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Tamara Hickey and Gabriel Kuttner in the Actors’ Shakespeare Project production of “God’s Ear”

Tamara Hickey and Gabriel Kuttner star in the Actors’ Shakespeare Project production of “God’s Ear” starting Wednesday in Davis Square, Somerville. (Photo: Stratton McCrady)

In a season with Racine’s “Phaedra” (first performed in 1677) and three Shakespeare plays, “God’s Ear” stands out – starting Wednesday – as a different kind of entertainment for the Actors’ Shakespeare Project.

The drama of a marriage unraveling after the death of a child gets a surreal spin, with visits by a singing Tooth Fairy, macho transvestite flight attendant and G.I. Joe as a family counselor. But the main thing here is the language, which playwright Jenny Schwartz has crafted as a torrent of babble used to deflect pain, show how words fail in the face of alienating tragedy and just how awkward things get when there’s really nothing left to say.

It may be the most prominent and pointed use of purposefully meaningless language since Ionesco, or maybe Sam Shepard in his “The Tooth of the Crime” era. And it’s an interesting step for a company whose cast is more likely to give meaning to “full fathom five thy father lies” than invest emotion into a dialogue of non-sequiturs and revealing platitudes.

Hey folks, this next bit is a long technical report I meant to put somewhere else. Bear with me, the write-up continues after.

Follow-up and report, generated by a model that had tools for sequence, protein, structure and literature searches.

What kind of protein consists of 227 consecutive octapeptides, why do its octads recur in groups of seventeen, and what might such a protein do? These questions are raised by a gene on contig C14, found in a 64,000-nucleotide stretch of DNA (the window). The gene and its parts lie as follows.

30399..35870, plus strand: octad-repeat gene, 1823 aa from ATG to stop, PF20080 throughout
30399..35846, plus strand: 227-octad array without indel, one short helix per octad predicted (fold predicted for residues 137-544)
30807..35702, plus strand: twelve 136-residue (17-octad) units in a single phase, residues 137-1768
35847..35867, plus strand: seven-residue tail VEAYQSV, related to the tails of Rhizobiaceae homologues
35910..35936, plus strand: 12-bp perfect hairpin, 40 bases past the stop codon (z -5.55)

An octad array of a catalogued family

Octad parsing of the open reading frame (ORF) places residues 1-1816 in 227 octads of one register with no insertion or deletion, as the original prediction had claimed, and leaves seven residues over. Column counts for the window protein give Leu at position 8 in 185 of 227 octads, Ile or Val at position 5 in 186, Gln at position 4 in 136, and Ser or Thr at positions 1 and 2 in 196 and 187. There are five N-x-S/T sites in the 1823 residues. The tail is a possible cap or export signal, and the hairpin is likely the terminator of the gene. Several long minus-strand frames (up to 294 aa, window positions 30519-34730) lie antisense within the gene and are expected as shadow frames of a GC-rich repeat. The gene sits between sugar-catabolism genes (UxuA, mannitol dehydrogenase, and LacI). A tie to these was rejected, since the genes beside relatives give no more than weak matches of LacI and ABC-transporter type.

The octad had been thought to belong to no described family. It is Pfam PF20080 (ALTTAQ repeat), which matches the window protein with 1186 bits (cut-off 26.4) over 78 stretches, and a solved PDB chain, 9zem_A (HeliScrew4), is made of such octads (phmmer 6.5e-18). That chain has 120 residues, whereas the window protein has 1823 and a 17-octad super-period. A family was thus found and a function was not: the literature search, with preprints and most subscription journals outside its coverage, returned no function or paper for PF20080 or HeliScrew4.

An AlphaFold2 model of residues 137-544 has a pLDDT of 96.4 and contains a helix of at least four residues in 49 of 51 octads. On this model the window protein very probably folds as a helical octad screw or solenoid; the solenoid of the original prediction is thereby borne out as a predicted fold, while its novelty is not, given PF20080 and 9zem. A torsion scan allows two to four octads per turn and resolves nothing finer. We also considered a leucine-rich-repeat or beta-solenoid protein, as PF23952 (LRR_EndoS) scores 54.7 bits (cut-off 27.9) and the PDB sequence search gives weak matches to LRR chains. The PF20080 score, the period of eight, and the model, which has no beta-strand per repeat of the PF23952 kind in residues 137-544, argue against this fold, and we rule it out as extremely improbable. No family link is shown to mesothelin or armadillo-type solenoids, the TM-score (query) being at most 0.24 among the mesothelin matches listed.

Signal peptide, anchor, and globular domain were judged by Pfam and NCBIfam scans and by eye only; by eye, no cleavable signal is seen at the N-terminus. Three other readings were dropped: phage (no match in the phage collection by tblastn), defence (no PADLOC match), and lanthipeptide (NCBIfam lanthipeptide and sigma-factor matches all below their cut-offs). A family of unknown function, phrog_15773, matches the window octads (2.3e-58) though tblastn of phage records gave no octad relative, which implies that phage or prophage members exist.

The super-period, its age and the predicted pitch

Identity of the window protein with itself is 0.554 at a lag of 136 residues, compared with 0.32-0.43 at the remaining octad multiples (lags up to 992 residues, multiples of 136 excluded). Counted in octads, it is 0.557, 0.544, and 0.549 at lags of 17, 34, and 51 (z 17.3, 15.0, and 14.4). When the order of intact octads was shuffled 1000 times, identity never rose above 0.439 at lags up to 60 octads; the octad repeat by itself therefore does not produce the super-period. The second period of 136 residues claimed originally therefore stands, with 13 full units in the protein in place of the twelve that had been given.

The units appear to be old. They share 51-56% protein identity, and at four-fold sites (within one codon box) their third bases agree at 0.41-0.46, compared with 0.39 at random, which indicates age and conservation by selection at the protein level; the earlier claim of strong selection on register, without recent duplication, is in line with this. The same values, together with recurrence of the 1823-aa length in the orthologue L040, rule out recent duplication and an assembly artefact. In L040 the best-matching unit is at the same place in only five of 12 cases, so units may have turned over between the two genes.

“I think this play is a perfect fit for ASP, as it’s a company whose stated emphasis is on the actor. I can’t think of a contemporary piece of writing that would appeal to an actor’s curiosity more. ‘God’s Ear’ is also a perfect fit for a company of actors devoted to language,” director Thomas Derrah said. “Sometimes we have only our words, and sometimes they betray us when we need them most … what a profound exploration for a company of artists who rely on the spoken word to heal, inspire and communicate.”

Schwartz, a New Yorker, got buzz as far back as 2005 that “God’s Ear” was “the first great play of the 21st century,” and it was yet two years from its Off Off Broadway premier. Since then and its 2008 run in Manhattan, the play has been produced from (in the words of Schwartz’s playwright bio) Lisbon, Portugal, to Boise, Idaho, to Sydney, Australia.

But each production is shaped as much by its director as by Schwartz’s words.

“Ironically, because I was trained as a director, I am extremely hands-off,” Schwartz said. “I am incredibly exacting and precise with regard to the sounds of the words, but I purposefully include few stage directions or descriptions of design elements. I enjoy my role, and want the director and designers to bring as much of themselves to the play as I have.”

Those curious to see what Derrah and his cast and crew have done with Schwartz’s mouth to “God’s Ear” have until April 12.

“God’s Ear” plays at 7 p.m. Wednesday through Saturday, then April 2-4 and April 8-11. There are 2 p.m. performances Sunday and on April 5 and April 12. (The Saturdays, April 4 and April 11, have 2 and 7 p.m. shows.) All performances are at the Davis Square Theatre, 255 Elm St., Somerville. Tickets are $28 to $50, or $15 for student rush. For tickets and information, click here or call (617) 776-2200, Ext. 225.